When "Dateline" recalls the year 2000, they might say, "It was the year 'Harry Potter and the Goblet of Fire' stole our hearts, CBS's 'Survivor' stole TV ratings, and scientists sequenced the human genome."
"Trends are markers on an otherwise empty sea that looks rather bleak in any direction," says Murray. "We don't know where we're going, we're not navigating very well, but, yeah, there was the hula-hoop and then there was Pokemon. We're getting some markers out there. We can tell we're making progress."
If Murray's vision sounds depressing, Entin offers another view. He says most of us live highly predictable lives -- We work or go to school during the week, get other things done on the weekends, maybe even enjoy ourselves a little. When the newest style of clothing or the latest movie or a hot new book comes out, we latch on to it as a way to make our lives exciting.
"In a way it's part of a thrill-seeker mentality," Entin says. "Maybe you're not going to bungee-jump or free-fall out of an airplane, but going out at midnight to get this book might be the closest you come to something like that."
Promoting the trend
Of course, the whole marketing scheme worked like a charm. Sure, "Harry Potter" fans would have bought the book no matter what (Time magazine's Paul Gray called it "the most annoying and unnecessary marketing campaign in publishing history"). But when publishers Scholastic Inc. and Bloomsbury implemented a Christmas-in-July marketing theme (Don't open until that very special day!), millions bit -- book, line, and page marker.
That includes the media, tabloid and traditional, which began covering events leading up to the release, as well as coverage of those events, and coverage of the coverage (and perspective pieces like this article).
When a newspaper "broke" the news of the book's title, it became a top story. When a little girl accidentally received an early copy of the book, she was soon an international news item.
Clearly, the media acted according to the publishers' plans. They took the marketing reigns and promoted "Harry Potter" to people who might have never thought twice about reading a kids' book.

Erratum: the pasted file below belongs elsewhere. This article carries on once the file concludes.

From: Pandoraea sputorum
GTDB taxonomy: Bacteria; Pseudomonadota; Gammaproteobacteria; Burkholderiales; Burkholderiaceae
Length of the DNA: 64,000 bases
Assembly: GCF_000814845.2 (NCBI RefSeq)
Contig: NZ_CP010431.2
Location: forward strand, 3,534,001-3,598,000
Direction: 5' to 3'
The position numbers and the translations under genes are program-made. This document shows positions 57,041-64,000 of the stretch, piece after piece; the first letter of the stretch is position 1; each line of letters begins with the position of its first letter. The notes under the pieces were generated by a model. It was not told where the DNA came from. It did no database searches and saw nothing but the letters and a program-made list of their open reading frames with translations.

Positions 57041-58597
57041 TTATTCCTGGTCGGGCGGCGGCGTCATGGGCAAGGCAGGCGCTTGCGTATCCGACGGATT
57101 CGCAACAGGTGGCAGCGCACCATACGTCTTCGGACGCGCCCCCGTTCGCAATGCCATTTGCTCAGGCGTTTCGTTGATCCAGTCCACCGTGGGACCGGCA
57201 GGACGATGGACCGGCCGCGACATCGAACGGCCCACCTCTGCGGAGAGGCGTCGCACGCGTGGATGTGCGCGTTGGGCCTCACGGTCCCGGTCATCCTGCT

Jim Naughton, who is director of the Poynter Institute, a media school in St. Petersburg, Florida, says the media is merely doing its job.
"I think it's natural for the media to reflect on, and as a result of that, help promote any kind of a trend," says Naughton. "Part of the media's obligation is to look for things that are of interest and trend-worthy. When we do that, we can't very well do it while putting the trend down. So it has the natural effect of feeding whatever frenzy is there."
Good read, bad read
Besides, "Harry Potter" has many positives, remember. Kids are reading.
Roy Peter Clarke, who teaches writing at Poynter and has penned his own series novel that was published by The New York Times Syndicate, has read the first three "Harry Potter" books and preordered the fourth.
"I have in my mind this image of a young person with a flashlight in bed and creating a little tent out of the bed covers and reading late into the night past his or her bedtime," says Clarke.
He believes the hype surrounding the latest Rowling release is well deserved.
"I think 'Harry Potter' ranks very high" in children's literature, he says. "I want to put it with J.R.R. Tolkien and C.S. Lewis. I think it's very much a part of the British story-telling tradition for children.
"It reminds me of the energy that was said to have accompanied the arrival of a Charles Dickens chapter or novel to America," he says.
Don't tell this to Harold Bloom. The famed literary critic dismantled "Harry Potter" on the PBS interview program "Charlie Rose."
"I think that's not reading because there's nothing there to be read," Bloom said on the show. "They're just an endless string of cliches. I cannot think that does anyone any good.
"That's not 'Wind in the Willows,' " he said. "That's not 'Through the Looking Glass.' ... It's really just slop."
Which Harry school?
There seems to be three prevailing schools of thought regarding "Harry Potter" hype:
Certainly, the next "Harry Potter" will bring more hype, and more debate.
"We all want to bask in the reflected glow of media-dom and celebrity-dom," says Entin. "And we think having the latest 'Harry Potter' book on the first day, or the equivalent, makes us special. And that's pretty empty."
"Basically, it's a good story, but after that you've told your story. Then what? Is that all there is?"
'Potter' sales breaking records
Scholastic: Harry Potter